A collective failure of record proportions for England’s second team

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The three-handled rubbish now known as Rumbelows Littlewoods Woolworth Debenhams Milk Eggs Yoghurt Lard Carabao Panda Pops Turps Fags Booze Cup was established in 1960 by Football League mandarin and notorious Europhobe Alan Hardaker, in an attempt to divert interest away from the midweek glamor of Uefa recently marked the Big Cup. But the gambit backfired spectacularly. Almost all of the biggest clubs of the day refused to enter, and the lower league teams enjoyed disproportionate success in the early years. Rochdale of the old Fourth Division made it to a final; third-tier clubs QPR and Swindon actually won one. So did another team not used to lifting silverware, Don Revie’s Leeds, but let’s not muddy the waters here.

All of this sounds great, of course, not least because it would have come right at the end of Hardaker’s xenophobic titbit. But with the glorious exceptions of Aston Villa in 1971 and Bradford City in 2013, the days when clubs from the bottom two divisions of the league could consistently put on the showpiece are long gone. Or so it seemed until now, as 14 of the 19 Championship sides who played their first rounds this week have made a proper show of themselves by being knocked out. Throw in Millwall’s defeat at Cambridge last week, plus one of West Brom and Sheffield United certain to go after the final whistle of the round’s final tie on Thursday night, there will be 16 second-tier clubs dumped from this year’s tournament at the first hurdle in disgrace . Oh clubs! We hardly knew you (x16).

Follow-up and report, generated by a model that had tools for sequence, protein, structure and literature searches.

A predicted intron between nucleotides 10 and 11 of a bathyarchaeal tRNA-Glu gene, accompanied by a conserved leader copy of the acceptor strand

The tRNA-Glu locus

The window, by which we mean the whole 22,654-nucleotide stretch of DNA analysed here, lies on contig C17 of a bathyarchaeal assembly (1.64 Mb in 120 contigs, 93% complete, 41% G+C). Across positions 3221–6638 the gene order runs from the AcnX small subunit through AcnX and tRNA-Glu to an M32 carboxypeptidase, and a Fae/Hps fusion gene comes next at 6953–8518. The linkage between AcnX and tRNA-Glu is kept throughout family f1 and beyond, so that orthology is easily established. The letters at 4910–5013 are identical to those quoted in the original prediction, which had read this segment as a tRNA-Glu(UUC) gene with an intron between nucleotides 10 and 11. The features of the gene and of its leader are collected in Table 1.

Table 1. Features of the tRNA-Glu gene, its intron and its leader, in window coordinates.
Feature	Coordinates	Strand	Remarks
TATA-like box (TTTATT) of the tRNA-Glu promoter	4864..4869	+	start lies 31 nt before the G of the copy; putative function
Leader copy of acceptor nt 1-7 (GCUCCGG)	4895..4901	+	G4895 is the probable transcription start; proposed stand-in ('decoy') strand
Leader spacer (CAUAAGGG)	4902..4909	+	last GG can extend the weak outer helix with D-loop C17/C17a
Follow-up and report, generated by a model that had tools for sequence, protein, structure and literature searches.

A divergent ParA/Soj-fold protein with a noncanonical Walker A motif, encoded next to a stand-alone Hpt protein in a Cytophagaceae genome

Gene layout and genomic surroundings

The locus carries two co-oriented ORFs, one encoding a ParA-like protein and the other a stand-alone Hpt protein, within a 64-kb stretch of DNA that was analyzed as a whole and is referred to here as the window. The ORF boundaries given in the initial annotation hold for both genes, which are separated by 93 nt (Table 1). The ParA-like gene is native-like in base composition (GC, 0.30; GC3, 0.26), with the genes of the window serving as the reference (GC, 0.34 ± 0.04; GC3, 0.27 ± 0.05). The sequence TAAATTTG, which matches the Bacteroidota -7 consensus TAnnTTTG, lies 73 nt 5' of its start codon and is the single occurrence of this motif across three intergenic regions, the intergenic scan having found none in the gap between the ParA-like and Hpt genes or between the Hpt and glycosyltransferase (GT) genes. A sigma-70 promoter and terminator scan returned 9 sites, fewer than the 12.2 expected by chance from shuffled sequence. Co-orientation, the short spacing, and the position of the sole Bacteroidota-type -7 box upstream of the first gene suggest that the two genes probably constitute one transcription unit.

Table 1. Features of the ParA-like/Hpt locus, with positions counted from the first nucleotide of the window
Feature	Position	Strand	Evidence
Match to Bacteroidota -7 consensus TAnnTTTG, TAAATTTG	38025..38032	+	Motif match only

Related: Carabao Cup: Sheffield Wednesday get revenge by knocking out Sunderland

This sorry state of affairs seems to have come about as a result of a few managers cosplaying as Arsène Wenger around the turn of the millennium, making more changes than was possibly wise. Wigan and Luton both named completely new starting XIs before defeats to Fleetwood and Newport, while just one Cardiff player kept his shirt from last weekend’s Championship clash and they were beaten 3-0 for their gravy. Admittedly by a Pompey side that had made six changes themselves, but again, let’s not confuse the general gist of the matter with the facts.

Only six Championship teams saved themselves, so even if Burnley and Watford top the tally going into the second round, this is a collective failure of record proportions for English football’s second tier. Or put in a more positive way, a record number of sides from the third and fourth tiers have made it to the second round. So yes, the big boys of the Premier League are about to enter the fray… but as you can be sure, many of the top wizards will also be trying Arsène’s clothes on for size, the chance of, say, Bradford or Rochdale making a new final is not half as unlikely as it seemed just a couple of days ago. Statistically at least.

It will be Manchester City or Liverpool again, won’t it?